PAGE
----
The Israeli Knesset debated June 12 whether to recognize the mass killing of Armenians by Ottoman Turks 100 years ago as genocide, a move that would enrage Turkey and further strain already tense ties between the two countries.
For years, Israel has refrained from taking up the issue for fear of angering Turkey, which until recently was its closest ally in the Muslim world. But as ties have frayed under the Islamic-oriented rule of Turkish Prime Minister Recep Tayyip Erdogan, that has changed. No vote was taken June 12.
“The Turks will definitely be angry, but there is no intent to provoke, only to remember,” parliamentary speaker Reuven Rivlin told Israel’s Army Radio. “The free world must remember, to learn the lessons so it won’t happen again.”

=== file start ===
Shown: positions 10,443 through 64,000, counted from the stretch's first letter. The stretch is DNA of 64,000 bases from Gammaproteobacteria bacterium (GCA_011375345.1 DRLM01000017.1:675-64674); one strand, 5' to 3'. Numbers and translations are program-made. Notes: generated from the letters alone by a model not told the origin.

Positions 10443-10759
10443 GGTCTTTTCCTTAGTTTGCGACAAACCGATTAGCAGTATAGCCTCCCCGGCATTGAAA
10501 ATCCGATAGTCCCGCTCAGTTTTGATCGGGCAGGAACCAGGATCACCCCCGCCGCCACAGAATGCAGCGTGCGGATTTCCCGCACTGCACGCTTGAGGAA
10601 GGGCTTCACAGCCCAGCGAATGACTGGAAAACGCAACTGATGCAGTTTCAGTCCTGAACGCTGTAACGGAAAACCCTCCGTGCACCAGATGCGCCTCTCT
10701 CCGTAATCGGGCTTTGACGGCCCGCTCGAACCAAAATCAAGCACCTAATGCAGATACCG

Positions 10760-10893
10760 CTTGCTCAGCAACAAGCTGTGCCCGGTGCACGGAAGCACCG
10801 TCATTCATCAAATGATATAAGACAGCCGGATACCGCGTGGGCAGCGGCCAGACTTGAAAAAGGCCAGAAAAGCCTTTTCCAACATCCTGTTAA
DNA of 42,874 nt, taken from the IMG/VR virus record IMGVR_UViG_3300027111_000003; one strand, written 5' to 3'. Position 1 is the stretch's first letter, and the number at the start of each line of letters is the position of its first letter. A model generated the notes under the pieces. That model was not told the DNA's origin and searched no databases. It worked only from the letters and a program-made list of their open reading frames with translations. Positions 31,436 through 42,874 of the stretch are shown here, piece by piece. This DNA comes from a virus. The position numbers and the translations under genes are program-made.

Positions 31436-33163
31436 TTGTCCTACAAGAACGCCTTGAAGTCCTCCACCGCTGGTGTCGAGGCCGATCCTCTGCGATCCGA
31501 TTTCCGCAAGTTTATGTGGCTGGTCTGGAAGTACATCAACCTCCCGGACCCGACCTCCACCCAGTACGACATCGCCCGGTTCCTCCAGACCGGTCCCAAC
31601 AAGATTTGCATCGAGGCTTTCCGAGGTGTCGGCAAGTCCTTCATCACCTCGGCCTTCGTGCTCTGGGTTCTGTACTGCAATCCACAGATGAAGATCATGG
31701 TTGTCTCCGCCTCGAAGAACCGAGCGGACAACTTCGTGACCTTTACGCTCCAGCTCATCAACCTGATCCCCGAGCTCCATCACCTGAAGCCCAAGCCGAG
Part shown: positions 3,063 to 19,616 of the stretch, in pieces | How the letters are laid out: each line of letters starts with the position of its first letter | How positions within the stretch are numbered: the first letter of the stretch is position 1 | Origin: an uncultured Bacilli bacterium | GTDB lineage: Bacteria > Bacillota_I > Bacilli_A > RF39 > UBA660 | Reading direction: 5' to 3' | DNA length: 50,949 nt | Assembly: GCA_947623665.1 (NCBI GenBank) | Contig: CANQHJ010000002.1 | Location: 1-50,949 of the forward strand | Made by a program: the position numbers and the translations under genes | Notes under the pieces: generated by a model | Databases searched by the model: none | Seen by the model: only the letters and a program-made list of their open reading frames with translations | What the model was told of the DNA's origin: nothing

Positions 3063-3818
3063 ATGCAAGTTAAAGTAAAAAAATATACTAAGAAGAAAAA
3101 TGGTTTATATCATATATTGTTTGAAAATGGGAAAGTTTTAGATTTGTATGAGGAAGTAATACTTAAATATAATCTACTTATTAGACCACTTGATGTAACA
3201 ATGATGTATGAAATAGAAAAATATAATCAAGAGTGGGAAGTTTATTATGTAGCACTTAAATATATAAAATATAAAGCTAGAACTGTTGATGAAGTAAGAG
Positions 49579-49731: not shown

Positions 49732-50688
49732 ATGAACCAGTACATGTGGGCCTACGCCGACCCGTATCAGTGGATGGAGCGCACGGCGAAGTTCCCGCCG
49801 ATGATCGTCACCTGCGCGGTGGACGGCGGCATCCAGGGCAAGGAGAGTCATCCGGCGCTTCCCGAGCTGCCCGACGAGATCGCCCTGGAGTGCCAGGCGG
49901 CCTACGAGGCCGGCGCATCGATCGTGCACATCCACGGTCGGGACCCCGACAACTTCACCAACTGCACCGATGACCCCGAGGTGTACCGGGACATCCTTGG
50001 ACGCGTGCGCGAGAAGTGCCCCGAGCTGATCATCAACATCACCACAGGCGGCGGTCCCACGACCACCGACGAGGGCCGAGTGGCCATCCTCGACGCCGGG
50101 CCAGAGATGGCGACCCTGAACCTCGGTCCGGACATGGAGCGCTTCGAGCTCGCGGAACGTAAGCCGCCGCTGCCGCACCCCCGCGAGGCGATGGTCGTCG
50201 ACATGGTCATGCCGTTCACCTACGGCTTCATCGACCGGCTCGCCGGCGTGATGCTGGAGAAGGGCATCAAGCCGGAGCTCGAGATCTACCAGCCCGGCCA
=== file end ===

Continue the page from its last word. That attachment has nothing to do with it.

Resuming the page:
Historians estimate that up to 1.5 million Armenians were killed by Ottoman Turks around the time of World War I, an event widely viewed by scholars as the first genocide of the 20th century. Turkey denies that the deaths constituted genocide, saying the toll has been inflated, and those killed were victims of civil war and unrest as the Ottoman Empire disintegrated, leading to losses on both sides. — ap